The income conundrum of 2020

08 Sep 2020

Facing the challenge of dividend cuts

“Prediction is hazardous, especially about the future.” Niels Bohr, Physicist.
 
The ongoing global pandemic has brought a new layer of unpredictability as to how investors might fare over the next year or two, not only in terms of the capital values of portfolios (which have always been subject to periods of volatility) but also the income that can be earned from them.
 
For income investors, and those using income stocks as part of a balanced portfolio, the year has brought dramatic changes, and many are, sensibly, considering alternative strategies.

How often do we see falling capital and dividend income at the same time?

In recent years, extremely rarely (if measured by the returns from the UK equity market as a whole).
 
  • In 2008, when share prices tumbled by a third, dividend payments were maintained.
  • In the deeper cycle of 2001/02, shares prices plunged by more than 40%, but equity dividends declined a mere 2%.
  • In the short-lived crash of 1987, equity dividends rose by around 10%.
  • Even in the crisis of 1973/74, when equity prices fell a massive 70%, dividends increased by a double-digit amount (though not keeping pace with rampant inflation).
It was back in 1930/31 when this combination last occurred, but even then, dividend income from the UK stock market dropped by only about a quarter.

What makes 2020 different?

Clearly, this is not a typical recession, in which commercial activity gradually wanes.
 
The speed and severity of the lockdown initiated by governments around the world caused massive uncertainty in almost every sector in the economy. Companies faced a sudden cessation of operations with no clear indication as to how long it might last.
 
Decisions to cut or suspend dividend payments have been driven by three factors:
  1. a need to remain solvent.
  2. an instruction by regulators (in the case of UK banks and insurers) to cancel dividends.
  3. a desire to be seen to “share the pain” from a social and political standpoint, so that directors and shareholders suffer, to some extent, along with employees.

How is the UK faring from a global perspective?

The UK corporate sector entered the spring with less room for manoeuvre than many other countries. The proportion of last year’s profits paid out to investors in the form of dividends was about 70% in the UK, compared with 52% for Europe, 45% for the US, 40% for emerging markets, and just 37% for Japan.
 
Additionally, the composition of UK dividend payments had become unusually concentrated. Just twelve companies contributed more than half the entire pay-out of the FTSE All-Share Index in 2019.
 
So, as soon as profitability was threatened (and in a dramatic way unlike previous economic cycles) the logical response was to put dividend payments on hold where necessary.

How will this affect investors in 2020/2021?

Equity share prices have already climbed off their lows of mid-March, as governments and central banks have stepped in with immense levels of support. Income forecasts, however, are not bouncing with them.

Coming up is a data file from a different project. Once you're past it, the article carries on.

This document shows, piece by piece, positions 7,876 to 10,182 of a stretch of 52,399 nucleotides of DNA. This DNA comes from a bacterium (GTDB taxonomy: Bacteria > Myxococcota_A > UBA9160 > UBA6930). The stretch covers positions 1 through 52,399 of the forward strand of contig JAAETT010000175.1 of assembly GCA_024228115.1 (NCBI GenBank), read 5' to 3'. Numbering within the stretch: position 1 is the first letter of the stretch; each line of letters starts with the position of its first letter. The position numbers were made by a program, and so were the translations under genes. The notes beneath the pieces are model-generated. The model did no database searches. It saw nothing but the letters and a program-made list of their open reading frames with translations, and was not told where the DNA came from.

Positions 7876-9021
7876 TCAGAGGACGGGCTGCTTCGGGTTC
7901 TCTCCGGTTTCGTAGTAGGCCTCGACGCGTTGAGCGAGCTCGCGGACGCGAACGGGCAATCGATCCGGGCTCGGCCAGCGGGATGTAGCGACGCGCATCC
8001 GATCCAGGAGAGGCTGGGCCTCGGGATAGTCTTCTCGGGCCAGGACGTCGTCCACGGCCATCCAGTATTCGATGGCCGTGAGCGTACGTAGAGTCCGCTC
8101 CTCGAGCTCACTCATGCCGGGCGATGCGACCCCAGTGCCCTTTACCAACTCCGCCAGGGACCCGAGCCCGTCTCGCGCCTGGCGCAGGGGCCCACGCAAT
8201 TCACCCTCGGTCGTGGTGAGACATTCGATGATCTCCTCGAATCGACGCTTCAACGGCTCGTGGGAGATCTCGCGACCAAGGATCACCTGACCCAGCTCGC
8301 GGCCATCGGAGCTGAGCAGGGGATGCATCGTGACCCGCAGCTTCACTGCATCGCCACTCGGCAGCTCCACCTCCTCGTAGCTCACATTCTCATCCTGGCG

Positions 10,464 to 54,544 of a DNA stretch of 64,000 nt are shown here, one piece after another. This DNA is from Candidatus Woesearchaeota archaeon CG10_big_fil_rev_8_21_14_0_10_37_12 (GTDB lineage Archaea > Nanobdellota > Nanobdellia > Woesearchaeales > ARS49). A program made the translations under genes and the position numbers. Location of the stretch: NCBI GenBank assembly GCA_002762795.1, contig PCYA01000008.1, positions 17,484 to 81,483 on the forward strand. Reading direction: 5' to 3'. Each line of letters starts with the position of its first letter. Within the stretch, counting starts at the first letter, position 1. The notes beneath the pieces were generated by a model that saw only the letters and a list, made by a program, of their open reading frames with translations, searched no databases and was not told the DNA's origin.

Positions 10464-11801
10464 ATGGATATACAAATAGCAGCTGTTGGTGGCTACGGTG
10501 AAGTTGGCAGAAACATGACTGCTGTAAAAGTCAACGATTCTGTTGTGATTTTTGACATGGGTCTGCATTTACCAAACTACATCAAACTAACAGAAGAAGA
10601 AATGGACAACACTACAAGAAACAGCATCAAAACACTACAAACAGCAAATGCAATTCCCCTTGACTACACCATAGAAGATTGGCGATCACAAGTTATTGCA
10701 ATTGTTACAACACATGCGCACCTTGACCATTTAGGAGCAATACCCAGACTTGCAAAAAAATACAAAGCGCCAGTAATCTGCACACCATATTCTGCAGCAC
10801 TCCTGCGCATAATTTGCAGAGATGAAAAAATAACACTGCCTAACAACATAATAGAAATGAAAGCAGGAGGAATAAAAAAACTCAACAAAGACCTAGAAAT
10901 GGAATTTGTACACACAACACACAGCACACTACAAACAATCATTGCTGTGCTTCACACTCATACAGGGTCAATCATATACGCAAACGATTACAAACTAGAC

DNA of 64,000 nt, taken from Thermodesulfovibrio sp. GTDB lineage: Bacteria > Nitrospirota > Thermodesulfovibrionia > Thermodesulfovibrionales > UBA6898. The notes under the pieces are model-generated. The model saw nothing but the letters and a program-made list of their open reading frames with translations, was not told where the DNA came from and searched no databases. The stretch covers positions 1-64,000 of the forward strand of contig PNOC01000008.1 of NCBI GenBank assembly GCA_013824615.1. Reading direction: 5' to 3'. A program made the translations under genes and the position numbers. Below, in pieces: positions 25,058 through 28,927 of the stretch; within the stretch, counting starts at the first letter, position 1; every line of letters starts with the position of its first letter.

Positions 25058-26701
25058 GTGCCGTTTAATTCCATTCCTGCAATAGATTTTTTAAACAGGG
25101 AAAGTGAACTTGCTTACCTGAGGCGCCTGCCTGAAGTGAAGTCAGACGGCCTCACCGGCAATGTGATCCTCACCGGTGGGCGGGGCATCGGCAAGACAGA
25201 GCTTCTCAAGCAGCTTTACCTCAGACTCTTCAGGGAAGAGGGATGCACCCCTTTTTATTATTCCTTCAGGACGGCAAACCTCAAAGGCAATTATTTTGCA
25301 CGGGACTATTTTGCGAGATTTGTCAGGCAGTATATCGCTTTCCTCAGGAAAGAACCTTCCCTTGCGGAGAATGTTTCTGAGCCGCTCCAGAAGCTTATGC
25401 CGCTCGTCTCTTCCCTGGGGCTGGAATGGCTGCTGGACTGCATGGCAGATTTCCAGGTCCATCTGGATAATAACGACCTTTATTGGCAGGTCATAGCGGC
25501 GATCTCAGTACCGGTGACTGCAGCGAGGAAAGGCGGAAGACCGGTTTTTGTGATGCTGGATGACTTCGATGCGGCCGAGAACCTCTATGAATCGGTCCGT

So far this year, 445 major UK firms have cancelled, cut, or suspended dividend payments. This includes those typically considered most reliable; Royal Dutch Shell cut its dividend for the first time since World War II, BP for the first time in a decade.
 
So, it’s not unreasonable to predict that as much as half of the next year’s income from the UK stock market will not be paid (compared with a range of 25% to 40% for other regions). The prognosis for the following twelve months will depend on the speed of the UK’s exit from lockdown and return of economic activity.
 
Those investors who had adopted a passive exposure to equity investing (through index tracker funds) will feel the full brunt of these income reductions. Active investments can offer a degree of mitigation against such fluctuations.

What solutions are available?

More predictable, but meaningful, income is likely to be the new holy grail for both income-seeking and risk-conscious investors.
 
Should these groups turn, as they would traditionally, to bonds? Not if they are seeking income, unfortunately, and nor if they believe that higher inflation in due course is an inevitable consequence of the amount of debt being created in the present circumstances.
 
Fortunately, the investment universe offers a much wider range of choices for investors than just equities and bonds.
 
Medical and social housing: Whilst many commercial property landlords have made headlines for collecting as little as one-third of the rent due in Q2, the owners of medical and social housing properties have had no such difficulties and, consequently, their share prices have been resilient.
 
Social infrastructure: Equally, providers of social infrastructure continue to be paid, often by public sector bodies, under long-term contractual arrangements. They are therefore confident of maintaining, or even modestly increasing, dividend payments to their shareholders.
 
Those who have the time and expertise to seek out these opportunities are being rewarded in both income and capital terms. As in any bespoke service, a proper understanding of clients’ needs for income, capital returns, and risk should enable a sensibly diversified and well-balanced portfolio to meet their requirements.
 
 
With investment your capital is at risk